Here is the course’s teaching schedule. Check the description for possible other schedules.

DateTimeLocation
Mon 14.1.2019
14:15 - 16:00
Wed 16.1.2019
14:15 - 16:00
Fri 18.1.2019
10:15 - 12:00
Mon 21.1.2019
14:15 - 16:00
Wed 23.1.2019
14:15 - 16:00
Fri 25.1.2019
10:15 - 12:00
Mon 28.1.2019
14:15 - 16:00
Wed 30.1.2019
14:15 - 16:00
Fri 1.2.2019
10:15 - 12:00
Mon 4.2.2019
14:15 - 16:00
Wed 6.2.2019
14:15 - 16:00
Fri 8.2.2019
10:15 - 12:00
Mon 11.2.2019
14:15 - 16:00
Wed 13.2.2019
14:15 - 16:00
Fri 15.2.2019
10:15 - 12:00
Mon 18.2.2019
14:15 - 16:00
Wed 20.2.2019
14:15 - 16:00
Fri 22.2.2019
10:15 - 12:00
Mon 25.2.2019
14:15 - 16:00
Wed 27.2.2019
14:15 - 16:00
Fri 1.3.2019
10:15 - 12:00
Mon 11.3.2019
14:15 - 16:00
Wed 13.3.2019
14:15 - 16:00
Fri 15.3.2019
10:15 - 12:00
Mon 18.3.2019
14:15 - 16:00
Wed 20.3.2019
14:15 - 16:00
Fri 22.3.2019
10:15 - 12:00
Mon 25.3.2019
14:15 - 16:00
Wed 27.3.2019
14:15 - 16:00
Fri 29.3.2019
10:15 - 12:00
Mon 1.4.2019
14:15 - 16:00
Wed 3.4.2019
14:15 - 16:00
Fri 5.4.2019
10:15 - 12:00
Mon 8.4.2019
14:15 - 16:00
Wed 10.4.2019
14:15 - 16:00
Fri 12.4.2019
10:15 - 12:00
Mon 15.4.2019
14:15 - 16:00
Wed 17.4.2019
14:15 - 16:00
Fri 26.4.2019
10:15 - 12:00
Mon 29.4.2019
14:15 - 16:00
Fri 3.5.2019
10:15 - 12:00

Material

Tasks

Conduct of the course

The course has only half the usual number of exercise classes. In addition to the homework problems discussed in these classes, each participant chooses two computational projects to be solved by independent work and written up in a report. Any software (e.g. MatLab, Maple, Mathematica, C++, Python, etc) can be used, but no technical help is provided with the chosen software.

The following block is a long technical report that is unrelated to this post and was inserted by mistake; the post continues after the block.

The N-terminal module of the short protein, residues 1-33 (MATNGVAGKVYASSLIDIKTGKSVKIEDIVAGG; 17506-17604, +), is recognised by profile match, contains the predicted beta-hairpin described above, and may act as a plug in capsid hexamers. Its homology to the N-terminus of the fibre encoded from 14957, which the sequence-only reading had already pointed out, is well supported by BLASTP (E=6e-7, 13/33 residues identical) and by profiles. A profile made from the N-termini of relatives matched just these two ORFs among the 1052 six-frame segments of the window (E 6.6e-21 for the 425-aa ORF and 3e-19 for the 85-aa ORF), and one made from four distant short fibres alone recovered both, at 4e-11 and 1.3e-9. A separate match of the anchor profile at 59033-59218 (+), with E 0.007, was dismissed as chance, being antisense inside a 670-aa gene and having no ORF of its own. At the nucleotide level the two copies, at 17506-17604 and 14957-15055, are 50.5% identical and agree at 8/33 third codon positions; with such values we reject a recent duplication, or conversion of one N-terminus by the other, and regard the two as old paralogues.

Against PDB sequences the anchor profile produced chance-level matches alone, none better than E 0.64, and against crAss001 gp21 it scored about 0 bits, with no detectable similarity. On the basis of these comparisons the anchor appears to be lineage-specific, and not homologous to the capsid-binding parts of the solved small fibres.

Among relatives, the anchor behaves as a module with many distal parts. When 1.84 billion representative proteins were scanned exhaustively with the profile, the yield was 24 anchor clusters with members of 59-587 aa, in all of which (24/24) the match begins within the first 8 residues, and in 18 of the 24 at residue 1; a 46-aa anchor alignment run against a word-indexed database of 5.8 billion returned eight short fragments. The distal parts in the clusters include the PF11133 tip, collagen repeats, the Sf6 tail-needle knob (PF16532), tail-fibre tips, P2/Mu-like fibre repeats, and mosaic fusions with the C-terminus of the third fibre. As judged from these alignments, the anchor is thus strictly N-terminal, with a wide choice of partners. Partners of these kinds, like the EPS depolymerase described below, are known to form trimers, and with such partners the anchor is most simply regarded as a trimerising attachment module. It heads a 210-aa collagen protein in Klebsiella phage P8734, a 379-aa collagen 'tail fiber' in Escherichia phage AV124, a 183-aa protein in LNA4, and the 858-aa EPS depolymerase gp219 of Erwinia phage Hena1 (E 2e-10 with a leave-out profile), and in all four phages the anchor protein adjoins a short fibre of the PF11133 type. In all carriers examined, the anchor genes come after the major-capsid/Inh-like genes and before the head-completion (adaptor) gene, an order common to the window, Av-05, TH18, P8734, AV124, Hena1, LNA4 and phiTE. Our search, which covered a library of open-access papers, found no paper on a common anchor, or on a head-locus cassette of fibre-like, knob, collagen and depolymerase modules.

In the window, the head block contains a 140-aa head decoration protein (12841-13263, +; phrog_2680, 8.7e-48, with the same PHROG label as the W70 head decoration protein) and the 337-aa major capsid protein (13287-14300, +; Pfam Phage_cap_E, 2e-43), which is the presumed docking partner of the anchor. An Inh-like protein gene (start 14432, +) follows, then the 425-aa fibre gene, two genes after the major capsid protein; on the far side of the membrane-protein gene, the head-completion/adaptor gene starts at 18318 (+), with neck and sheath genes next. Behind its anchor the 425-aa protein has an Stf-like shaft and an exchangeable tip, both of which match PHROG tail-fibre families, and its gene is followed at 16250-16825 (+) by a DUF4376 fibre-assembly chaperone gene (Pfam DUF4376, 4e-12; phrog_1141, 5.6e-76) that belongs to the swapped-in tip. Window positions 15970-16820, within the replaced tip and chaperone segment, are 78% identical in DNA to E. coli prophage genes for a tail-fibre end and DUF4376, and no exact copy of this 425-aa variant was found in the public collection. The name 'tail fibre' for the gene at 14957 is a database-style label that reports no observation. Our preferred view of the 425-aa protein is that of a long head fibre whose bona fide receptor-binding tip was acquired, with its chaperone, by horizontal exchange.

The course has one open-book exam at the end (notes, books etc can be used). During the semester, progress is monitored via closed-book quick test, which focus on the basics and take only 5-10 min during lectures. For the dates of the quick tests, see the end of the introductory text above.

The final grade is from the exam (80%) and the two projects (20%). The quick tests and the homework exercises are meant primarily for self-evaluation, but good quick tests and good exercise class activity will improve marginal grades.